Empire Gas Corp. v. UPG, Inc.

Decision Date27 October 1989
Docket NumberNos. 16096,16098,s. 16096
Parties11 UCC Rep.Serv.2d 453 EMPIRE GAS CORPORATION, a Delaware Corporation, Plaintiff/Respondent/Cross-Appellant, v. UPG, INC., a Delaware Corporation, Defendant/Appellant/Cross-Respondent.
CourtMissouri Court of Appeals

William H. McDonald, Virginia L. Fry, Celeste K. Johns, Woolsey, Fisher, Whiteaker & McDonald, Springfield, for defendant/appellant/cross-respondent.

Steven G. Emerson, Thomas H. Davis, Morris & Larson, P.C., Kansas City, Darrell Deputy, Jr., Lebanon, for plaintiff/respondent/cross-appellant.

FLANIGAN, Presiding Judge.

On March 16, 1984, plaintiff Empire Gas Corporation, a Delaware corporation ("Empire"), brought an action for breach of contract against defendant UPG, Inc., a Delaware corporation ("UPG"). The action involved six contracts, signed in September 1981, dealing with the sale of propane gas by UPG, a major wholesaler of propane, to Empire, a major retailer of propane. Three days later UPG brought an action against Empire, based on alleged unpaid invoices for propane sold by UPG to Empire under the six contracts.

The six contracts were, as Empire's brief states, substantially identical. The reason for six contracts instead of a single contract was that the propane was to be delivered at six supply points, each having its own "yearly volume" of propane. The total yearly volume for the six delivery points was 105,080,000 gallons, which is the same as 2,627,000 barrels. At times this opinion will refer to the six contracts as the "propane sales agreement," because all six contain the controlling language.

In November, 1984, the two actions were consolidated "for all purposes," with all subsequent pleadings to be filed in the first action. This opinion will treat the actions as a single one, with Empire as plaintiff and UPG as defendant. The instructions so labeled the parties. The claim of UPG will be referred to as the counterclaim.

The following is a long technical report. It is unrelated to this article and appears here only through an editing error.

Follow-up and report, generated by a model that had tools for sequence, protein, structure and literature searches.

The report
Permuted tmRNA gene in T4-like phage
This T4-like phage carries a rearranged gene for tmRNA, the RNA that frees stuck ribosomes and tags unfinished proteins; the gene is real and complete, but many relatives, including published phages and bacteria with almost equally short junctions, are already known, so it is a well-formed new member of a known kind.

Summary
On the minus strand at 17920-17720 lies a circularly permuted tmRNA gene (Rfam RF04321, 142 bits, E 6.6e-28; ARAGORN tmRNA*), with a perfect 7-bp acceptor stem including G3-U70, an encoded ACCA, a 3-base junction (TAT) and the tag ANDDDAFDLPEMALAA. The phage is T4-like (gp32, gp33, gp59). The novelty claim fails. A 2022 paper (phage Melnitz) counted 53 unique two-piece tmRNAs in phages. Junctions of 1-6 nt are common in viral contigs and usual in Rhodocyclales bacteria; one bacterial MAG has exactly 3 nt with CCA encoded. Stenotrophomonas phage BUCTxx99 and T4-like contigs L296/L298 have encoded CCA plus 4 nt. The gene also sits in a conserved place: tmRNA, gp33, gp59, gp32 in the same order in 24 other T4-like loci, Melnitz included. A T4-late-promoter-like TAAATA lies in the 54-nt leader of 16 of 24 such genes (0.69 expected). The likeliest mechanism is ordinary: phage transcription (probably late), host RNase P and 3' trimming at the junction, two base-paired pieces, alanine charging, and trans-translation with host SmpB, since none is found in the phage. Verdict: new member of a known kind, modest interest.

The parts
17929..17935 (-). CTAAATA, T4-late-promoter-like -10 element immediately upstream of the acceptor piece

In September 1988 the case was tried to a jury. At the conclusion of Empire's evidence, the court directed the jury to return a verdict in the amount of $4,104,082.52 in favor of UPG and against Empire on the counterclaim. In addition to the jury's award on the counterclaim, the court later awarded UPG $2,360,641.79 as prejudgment interest, for a total award on the counterclaim of $6,464,724.31. After deliberation, the jury returned a verdict on the petition in favor of Empire and against UPG in the amount of $4,250,000. Both sides appeal. This court consolidated the appeals and will dispose of both in this opinion.

One paramount issue, hotly contested in the trial court and in this court, is determinative of the two appeals. The resolution of that issue makes it unnecessary to consider many of the subsidiary issues raised by the parties. The issue is this: Was Empire entitled to a constant 2-cent per gallon discount during the five-year term of the propane sales agreement, as Empire claims, or was the 2-cent discount subject to being revised by UPG during the five-year period, as UPG claims? For the reasons which follow, this court sustains UPG's position on the issue.

The propane sales agreement is dated September 14, 1981. Actually it was signed for Empire by Earl Noe on September 11, 1981, and signed by UPG's president on September 14, 1981. The propane sales agreement identified its "primary term" as commencing July 1, 1981, and continuing to June 30, 1986, and year to year thereafter unless cancelled or unless sooner terminated "as hereinafter provided." Paragraph 15 of the propane sales agreement dealt with termination for breach of either party.

Sales commenced in June or July 1981, several months prior to the signing of the propane sales agreement. From the commencement of the sales through May 1982, UPG gave Empire a 2-cent per gallon discount from its "posted price," that is, the price which Empire's brief describes as UPG's "normal wholesale price" or "established price."

On June 1, 1982, UPG reduced the discount from 2 cents per gallon to 1/2 cent per gallon. UPG gave Empire notice of the reduction before making it. Empire, having previously paid all invoices when due, continued to claim the 2-cent discount and made payments on that basis until August 1982. UPG then notified Empire it would make no further deliveries unless Empire paid the previously withheld amount, that is, the amount reflected by the difference between the two discounts. Empire paid the previously withheld amount.

Beginning in September 1982, Empire paid in full invoices calculated on the basis of the 1/2-cent discount, but placed a restrictive endorsement on the back of the payment checks protesting the amount paid.